Plants grown and used for health, flavor or fragrance are typically referred to as herbs. Many, like thyme, are also ornamental, making them ideal for borders in garden beds and walkways. These scented plants emit a burst of fragrance when foliage is disturbed, filling the air with pungent aroma. With over 300 species of thyme, this hardy perennial is available in an array of scents like lemon, orange or pine. Foliage ranges from tiny green leaves to variegated yellow or silver on woody upright plants that grow to heights of 8 to 12 inches.
Prepare a garden area that receives full sun. Although thyme survives in less sun, fragrance and flavor is enhanced by growing in all-day sun. Till to a depth of 8 to 10 inches and amend with compost to improve texture and drainage. Herbs typically do not require fertile soil, but do benefit from well-drained soil.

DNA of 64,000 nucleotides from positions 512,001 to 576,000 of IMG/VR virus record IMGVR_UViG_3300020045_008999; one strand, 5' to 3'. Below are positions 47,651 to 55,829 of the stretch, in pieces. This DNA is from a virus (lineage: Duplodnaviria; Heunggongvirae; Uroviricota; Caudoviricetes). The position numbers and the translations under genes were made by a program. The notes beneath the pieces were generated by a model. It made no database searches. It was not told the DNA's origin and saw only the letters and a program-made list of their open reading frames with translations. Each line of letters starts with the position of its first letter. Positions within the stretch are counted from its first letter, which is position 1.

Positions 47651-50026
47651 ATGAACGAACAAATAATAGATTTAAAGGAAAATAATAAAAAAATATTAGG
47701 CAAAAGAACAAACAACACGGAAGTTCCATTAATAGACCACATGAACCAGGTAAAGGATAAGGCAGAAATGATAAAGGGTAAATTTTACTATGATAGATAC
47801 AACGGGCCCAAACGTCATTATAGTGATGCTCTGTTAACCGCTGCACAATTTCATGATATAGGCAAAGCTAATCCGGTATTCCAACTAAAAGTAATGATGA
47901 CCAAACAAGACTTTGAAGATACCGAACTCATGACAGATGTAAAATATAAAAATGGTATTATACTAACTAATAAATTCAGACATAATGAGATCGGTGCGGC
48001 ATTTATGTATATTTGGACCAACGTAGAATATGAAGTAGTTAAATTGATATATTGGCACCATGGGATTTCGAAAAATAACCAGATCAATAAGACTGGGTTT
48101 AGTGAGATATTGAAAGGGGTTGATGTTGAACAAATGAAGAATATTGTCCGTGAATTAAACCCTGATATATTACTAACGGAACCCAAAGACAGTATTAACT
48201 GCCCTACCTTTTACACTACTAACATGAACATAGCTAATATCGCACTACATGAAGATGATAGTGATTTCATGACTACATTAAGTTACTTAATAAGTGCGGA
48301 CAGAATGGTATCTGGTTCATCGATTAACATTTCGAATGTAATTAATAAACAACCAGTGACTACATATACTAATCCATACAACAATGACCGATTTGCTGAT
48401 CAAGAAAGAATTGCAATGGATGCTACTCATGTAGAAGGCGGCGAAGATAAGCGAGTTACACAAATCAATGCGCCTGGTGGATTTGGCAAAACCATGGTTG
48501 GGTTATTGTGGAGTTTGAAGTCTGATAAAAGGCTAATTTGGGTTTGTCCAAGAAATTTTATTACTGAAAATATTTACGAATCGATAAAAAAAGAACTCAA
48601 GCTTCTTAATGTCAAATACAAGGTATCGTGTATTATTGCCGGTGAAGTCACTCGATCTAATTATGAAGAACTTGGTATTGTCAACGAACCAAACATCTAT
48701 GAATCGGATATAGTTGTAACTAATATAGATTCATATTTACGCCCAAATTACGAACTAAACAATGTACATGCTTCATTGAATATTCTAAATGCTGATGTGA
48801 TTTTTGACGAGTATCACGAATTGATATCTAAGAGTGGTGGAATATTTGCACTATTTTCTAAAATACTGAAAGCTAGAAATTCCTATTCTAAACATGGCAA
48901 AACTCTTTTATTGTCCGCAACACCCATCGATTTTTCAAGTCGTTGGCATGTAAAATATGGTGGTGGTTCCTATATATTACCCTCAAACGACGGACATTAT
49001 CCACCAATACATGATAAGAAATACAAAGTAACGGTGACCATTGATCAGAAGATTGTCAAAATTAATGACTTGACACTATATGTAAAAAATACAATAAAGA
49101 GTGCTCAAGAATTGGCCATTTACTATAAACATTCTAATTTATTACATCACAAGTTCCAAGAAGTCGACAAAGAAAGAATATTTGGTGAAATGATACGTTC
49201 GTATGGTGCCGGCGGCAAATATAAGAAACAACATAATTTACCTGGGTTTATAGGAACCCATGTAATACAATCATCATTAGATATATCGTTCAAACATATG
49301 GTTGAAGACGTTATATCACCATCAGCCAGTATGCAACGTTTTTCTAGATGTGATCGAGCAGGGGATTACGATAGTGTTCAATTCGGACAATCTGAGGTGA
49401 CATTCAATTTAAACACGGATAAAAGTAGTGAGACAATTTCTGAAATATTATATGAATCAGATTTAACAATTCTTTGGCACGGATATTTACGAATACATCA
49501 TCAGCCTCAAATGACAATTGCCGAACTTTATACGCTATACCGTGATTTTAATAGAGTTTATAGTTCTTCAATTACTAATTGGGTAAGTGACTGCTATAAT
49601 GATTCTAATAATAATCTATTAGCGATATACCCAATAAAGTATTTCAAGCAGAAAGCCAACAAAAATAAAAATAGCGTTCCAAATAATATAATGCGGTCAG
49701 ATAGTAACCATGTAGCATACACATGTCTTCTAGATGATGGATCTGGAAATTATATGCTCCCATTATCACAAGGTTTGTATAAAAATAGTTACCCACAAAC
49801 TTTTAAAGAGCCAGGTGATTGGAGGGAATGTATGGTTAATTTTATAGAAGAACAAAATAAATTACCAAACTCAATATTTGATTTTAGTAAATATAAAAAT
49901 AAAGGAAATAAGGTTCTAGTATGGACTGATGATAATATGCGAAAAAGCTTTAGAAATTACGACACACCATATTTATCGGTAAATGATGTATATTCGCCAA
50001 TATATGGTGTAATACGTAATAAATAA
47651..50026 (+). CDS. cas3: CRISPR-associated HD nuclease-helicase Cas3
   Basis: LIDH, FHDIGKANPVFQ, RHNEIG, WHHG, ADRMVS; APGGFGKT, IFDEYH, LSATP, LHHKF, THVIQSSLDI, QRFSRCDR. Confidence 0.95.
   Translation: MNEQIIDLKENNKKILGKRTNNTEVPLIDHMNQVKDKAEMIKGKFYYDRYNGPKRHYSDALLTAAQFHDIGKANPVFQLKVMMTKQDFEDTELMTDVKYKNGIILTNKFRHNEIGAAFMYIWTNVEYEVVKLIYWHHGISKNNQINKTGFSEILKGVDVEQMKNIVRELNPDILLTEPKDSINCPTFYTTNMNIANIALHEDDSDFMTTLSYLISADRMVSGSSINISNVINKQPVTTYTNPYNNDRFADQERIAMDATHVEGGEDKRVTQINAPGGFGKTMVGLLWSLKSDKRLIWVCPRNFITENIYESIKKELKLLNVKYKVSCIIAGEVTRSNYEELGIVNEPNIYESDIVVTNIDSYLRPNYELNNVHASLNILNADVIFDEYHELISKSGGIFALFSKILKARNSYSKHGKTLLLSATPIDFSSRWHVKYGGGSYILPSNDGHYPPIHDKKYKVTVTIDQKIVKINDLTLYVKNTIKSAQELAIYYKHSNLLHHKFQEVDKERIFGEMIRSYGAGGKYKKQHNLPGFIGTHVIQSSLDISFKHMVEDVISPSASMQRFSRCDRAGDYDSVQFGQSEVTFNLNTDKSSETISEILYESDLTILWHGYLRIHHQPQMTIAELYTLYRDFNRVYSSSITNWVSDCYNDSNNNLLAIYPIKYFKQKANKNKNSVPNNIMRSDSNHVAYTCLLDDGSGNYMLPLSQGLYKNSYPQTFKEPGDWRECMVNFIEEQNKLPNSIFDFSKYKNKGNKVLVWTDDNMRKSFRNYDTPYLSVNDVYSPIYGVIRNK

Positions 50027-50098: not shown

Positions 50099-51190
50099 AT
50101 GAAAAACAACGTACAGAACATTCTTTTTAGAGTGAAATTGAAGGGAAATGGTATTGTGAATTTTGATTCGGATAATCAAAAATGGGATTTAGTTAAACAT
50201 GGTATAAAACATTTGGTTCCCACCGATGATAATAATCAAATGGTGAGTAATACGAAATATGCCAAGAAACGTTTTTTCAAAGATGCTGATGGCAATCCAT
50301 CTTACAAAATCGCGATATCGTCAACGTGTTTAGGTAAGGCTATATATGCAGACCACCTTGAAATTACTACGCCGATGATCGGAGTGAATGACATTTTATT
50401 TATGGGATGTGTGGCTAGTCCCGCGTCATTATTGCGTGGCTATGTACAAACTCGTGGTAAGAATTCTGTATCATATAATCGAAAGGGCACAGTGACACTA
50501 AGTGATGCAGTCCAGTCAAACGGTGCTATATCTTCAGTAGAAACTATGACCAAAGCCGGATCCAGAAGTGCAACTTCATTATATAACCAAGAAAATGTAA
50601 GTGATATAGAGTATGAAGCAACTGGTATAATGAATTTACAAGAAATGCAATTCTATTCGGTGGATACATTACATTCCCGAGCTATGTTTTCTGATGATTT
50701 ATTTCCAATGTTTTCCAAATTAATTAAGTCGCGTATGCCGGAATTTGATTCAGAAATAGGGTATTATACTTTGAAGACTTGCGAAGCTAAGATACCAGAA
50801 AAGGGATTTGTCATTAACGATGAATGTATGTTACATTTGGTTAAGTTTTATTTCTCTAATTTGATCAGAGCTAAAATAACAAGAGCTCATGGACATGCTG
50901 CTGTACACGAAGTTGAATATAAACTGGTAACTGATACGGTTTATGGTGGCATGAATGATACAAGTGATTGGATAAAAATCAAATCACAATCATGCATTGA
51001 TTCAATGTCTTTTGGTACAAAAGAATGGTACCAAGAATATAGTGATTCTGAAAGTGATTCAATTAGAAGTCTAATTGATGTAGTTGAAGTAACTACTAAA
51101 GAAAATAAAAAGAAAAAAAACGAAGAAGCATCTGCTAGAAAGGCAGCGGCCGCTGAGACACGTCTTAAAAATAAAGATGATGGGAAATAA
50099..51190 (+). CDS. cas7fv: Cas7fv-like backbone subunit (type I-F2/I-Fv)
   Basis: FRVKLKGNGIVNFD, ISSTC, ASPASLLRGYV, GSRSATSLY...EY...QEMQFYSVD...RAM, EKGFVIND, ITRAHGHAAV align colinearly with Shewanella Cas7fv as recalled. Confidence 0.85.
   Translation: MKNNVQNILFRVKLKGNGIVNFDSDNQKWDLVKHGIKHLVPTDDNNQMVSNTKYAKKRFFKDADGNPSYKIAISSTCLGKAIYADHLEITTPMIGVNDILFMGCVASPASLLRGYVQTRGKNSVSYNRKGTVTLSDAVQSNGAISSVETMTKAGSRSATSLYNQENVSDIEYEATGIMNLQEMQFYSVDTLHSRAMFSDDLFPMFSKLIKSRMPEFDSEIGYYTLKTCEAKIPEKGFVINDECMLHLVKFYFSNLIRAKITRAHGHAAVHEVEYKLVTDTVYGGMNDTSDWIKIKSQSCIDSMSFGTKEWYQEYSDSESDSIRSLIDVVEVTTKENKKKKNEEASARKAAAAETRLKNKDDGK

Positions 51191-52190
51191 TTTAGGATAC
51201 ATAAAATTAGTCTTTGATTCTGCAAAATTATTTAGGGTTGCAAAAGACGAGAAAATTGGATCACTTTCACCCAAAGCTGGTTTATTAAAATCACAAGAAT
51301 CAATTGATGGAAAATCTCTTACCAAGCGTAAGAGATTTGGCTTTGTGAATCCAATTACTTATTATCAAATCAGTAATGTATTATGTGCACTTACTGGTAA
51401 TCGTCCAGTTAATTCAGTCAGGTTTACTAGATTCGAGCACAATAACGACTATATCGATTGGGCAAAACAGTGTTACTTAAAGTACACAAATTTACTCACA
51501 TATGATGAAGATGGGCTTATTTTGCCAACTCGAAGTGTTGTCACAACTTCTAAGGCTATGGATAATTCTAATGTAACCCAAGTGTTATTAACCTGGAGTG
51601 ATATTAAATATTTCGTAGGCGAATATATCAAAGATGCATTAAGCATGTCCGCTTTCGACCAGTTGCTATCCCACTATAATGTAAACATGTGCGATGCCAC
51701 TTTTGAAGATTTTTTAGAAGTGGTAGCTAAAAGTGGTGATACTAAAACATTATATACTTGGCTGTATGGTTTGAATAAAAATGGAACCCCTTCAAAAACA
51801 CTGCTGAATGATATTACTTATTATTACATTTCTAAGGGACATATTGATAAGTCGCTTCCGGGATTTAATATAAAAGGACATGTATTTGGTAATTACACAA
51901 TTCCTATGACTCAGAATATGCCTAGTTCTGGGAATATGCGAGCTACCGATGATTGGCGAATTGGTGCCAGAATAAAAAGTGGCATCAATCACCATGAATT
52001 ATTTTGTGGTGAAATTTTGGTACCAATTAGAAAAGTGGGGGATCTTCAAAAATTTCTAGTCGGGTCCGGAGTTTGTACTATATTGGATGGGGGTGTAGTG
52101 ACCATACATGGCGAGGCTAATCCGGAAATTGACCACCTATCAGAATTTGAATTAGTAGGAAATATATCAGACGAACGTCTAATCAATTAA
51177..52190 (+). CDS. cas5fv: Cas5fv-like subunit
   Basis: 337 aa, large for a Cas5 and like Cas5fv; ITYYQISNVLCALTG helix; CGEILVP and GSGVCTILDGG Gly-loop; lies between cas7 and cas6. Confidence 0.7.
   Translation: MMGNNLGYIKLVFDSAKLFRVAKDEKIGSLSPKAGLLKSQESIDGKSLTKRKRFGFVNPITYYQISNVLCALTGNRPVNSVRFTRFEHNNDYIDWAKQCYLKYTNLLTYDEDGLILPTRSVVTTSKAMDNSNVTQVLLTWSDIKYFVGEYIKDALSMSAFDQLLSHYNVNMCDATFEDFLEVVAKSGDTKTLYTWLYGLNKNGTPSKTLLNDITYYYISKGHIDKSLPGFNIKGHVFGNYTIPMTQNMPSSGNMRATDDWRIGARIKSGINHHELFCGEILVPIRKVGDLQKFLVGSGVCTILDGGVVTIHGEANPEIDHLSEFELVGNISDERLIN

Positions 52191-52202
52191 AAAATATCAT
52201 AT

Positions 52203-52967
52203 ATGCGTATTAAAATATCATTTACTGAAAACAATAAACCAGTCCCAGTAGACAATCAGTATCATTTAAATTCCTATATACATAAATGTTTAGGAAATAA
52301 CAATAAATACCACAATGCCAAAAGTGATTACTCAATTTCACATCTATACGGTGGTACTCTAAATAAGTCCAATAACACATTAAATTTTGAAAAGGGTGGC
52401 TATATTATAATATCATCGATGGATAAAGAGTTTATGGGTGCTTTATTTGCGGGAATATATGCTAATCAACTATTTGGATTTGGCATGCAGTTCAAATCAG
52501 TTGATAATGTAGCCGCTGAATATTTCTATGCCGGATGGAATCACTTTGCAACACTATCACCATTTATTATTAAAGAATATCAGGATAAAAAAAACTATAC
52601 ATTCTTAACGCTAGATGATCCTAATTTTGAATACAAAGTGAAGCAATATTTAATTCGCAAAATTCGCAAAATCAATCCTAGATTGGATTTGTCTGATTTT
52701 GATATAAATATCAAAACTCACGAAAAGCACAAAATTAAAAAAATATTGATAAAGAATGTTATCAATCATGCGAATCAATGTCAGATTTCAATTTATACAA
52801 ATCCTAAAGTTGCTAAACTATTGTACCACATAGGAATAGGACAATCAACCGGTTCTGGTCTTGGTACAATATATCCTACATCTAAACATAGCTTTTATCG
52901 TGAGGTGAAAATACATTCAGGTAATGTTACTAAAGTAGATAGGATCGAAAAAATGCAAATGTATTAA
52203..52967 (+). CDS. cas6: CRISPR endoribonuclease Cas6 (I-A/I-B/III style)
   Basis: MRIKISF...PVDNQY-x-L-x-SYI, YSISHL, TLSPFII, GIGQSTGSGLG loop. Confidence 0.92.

Plant seeds in late spring once the ground has thawed and the soil can be worked. Plant seeds to a depth of 1/8 inch and cover lightly with soil. Firm down with your hands to secure the seeds and remove air pockets. Space seeds ½ to 1 inch apart.
Water to moisten the soil and keep evenly moist until seeds germinate in 14 to 18 days. Germination time varies depending on the soil and air temperature.
Thin seedlings to 6 to 8 inches apart once they are 2 to 4 inches high.
Water only in hot dry weather. Thyme typically tolerates dry soil and does not require supplemental watering. Avoid fertilizing thyme as fertile soil inhibits the production of oils responsible for fragrance and flavor.
Trim or cut back thyme after blooms fade to encourage a new flush of blooms.